c. 1300, "ready and able to fight, able to defend," from Old French defensable, from Medieval Latin defensibilis, Late Latin defensibilem, from Latin defens-, past-participle stem of defendere (see defend). Meaning "capable of being defended" is from late 14c., sense of "contributing to defense" is from c. 1400; that of "that may be vindicated" is from early 15c. Related: Defensibility.
early 14c., "action of defending, resistance; means of protection, fortification," shortening of defens (see defense). The same pattern also yielded fend, fender; and obsolete fensive "defensive" (late 16c.). Spelling alternated between -c- and -s- in Middle English. Sense of "enclosure" is first recorded mid-15c. on notion of "that which serves as a defense." Sense of "dealer in stolen goods" is thieves' slang, first attested c. 1700, from notion of such transactions taking place under defense of secrecy.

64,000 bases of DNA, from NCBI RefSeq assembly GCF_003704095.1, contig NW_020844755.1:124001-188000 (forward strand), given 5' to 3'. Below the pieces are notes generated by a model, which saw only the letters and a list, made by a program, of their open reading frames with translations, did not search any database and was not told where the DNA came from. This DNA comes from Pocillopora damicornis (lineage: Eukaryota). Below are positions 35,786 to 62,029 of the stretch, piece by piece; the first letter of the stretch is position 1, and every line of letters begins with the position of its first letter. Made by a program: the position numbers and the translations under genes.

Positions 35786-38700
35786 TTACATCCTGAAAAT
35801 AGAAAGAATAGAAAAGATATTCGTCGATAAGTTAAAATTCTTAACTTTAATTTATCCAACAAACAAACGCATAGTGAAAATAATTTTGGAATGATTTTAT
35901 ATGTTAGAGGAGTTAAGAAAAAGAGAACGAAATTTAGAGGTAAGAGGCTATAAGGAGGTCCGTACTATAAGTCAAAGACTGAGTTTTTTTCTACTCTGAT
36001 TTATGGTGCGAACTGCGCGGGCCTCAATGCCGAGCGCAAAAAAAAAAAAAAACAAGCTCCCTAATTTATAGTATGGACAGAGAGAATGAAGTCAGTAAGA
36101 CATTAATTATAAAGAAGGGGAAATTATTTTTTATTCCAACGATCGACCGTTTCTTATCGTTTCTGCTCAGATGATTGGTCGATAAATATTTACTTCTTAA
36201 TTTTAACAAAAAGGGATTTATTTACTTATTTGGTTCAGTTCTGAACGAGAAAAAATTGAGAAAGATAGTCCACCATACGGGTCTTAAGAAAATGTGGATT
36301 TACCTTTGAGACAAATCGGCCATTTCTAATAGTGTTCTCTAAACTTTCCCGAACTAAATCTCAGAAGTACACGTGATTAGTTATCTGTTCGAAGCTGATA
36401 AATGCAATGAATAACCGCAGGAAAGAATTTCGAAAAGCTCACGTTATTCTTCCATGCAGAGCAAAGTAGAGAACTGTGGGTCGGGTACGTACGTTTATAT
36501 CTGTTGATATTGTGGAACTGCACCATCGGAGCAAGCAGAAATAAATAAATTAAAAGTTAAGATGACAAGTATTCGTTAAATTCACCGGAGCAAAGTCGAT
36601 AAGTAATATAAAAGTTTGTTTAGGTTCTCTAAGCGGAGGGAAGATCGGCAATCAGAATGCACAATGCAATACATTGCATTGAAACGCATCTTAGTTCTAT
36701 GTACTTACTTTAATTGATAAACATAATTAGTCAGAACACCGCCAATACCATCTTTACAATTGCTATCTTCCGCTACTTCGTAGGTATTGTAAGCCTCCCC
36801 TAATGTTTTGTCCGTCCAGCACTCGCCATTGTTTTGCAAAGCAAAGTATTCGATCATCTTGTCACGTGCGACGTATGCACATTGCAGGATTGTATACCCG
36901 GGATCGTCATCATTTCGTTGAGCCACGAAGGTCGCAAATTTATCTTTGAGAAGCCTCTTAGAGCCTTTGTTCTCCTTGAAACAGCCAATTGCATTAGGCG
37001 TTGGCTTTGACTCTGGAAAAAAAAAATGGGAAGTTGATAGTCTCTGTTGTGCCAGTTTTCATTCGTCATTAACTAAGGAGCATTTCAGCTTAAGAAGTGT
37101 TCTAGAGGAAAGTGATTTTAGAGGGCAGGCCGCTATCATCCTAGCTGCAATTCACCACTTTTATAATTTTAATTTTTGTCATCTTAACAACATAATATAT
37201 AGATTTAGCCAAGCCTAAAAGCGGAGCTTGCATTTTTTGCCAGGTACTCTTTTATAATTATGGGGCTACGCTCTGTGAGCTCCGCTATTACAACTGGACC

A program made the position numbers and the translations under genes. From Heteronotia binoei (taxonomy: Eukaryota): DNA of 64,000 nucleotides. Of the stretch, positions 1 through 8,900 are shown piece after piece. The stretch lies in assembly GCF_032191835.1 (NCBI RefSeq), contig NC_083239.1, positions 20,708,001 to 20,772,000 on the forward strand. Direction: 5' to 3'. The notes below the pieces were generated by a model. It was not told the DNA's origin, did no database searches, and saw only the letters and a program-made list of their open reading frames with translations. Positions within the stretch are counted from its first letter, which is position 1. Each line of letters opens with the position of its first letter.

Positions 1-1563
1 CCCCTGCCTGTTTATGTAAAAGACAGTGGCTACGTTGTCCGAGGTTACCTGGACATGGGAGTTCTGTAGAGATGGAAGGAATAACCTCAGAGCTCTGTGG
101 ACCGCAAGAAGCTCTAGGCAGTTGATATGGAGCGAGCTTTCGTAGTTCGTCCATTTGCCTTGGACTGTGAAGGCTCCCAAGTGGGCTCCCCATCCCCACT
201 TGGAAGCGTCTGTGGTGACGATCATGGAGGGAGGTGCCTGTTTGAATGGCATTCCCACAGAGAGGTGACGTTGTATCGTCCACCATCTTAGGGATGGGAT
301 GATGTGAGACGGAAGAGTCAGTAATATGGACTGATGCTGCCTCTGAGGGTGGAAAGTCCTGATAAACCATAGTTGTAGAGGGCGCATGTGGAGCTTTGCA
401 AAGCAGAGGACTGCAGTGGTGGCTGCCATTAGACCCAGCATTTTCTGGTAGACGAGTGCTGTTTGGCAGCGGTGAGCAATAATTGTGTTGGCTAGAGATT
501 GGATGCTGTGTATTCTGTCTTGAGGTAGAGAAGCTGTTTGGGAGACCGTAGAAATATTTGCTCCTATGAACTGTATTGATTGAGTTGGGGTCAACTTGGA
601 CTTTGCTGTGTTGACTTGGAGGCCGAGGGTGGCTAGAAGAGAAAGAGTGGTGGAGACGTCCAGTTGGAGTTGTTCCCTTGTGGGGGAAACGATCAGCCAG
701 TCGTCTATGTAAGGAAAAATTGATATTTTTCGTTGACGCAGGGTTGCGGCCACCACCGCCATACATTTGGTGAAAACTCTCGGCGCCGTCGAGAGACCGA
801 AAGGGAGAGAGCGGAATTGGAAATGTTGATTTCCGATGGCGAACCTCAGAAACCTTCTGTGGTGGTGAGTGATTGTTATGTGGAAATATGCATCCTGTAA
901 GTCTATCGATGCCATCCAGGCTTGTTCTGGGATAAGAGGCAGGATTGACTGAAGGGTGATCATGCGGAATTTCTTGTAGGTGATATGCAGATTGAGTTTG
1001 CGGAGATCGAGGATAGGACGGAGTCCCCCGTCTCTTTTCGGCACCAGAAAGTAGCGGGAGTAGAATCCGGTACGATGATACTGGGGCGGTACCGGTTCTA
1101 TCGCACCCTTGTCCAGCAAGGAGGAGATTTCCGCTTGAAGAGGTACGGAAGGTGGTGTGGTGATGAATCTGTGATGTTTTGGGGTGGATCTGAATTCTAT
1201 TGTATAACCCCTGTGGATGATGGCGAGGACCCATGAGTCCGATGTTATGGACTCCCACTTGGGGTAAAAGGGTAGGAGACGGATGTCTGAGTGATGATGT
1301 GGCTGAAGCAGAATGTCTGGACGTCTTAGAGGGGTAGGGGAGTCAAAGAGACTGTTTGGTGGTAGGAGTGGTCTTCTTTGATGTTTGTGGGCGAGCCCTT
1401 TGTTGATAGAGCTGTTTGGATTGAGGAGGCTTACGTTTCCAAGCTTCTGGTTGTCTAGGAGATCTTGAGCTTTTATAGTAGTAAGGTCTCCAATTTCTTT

To be figuratively on the fence "uncommitted" is from 1828, perhaps from the notion of spectators at a fight, or a simple literal image: "A man sitting on the top of a fence, can jump down on either side with equal facility." [Bartlett, "Dictionary of Americanisms," 1848].
<a href="https://www.etymonline.com/word/fencible">Etymology of fencible by etymonline</a>
Harper, D. (n.d.). Etymology of fencible. Online Etymology Dictionary. Retrieved $(datetime), from https://www.etymonline.com/word/fencible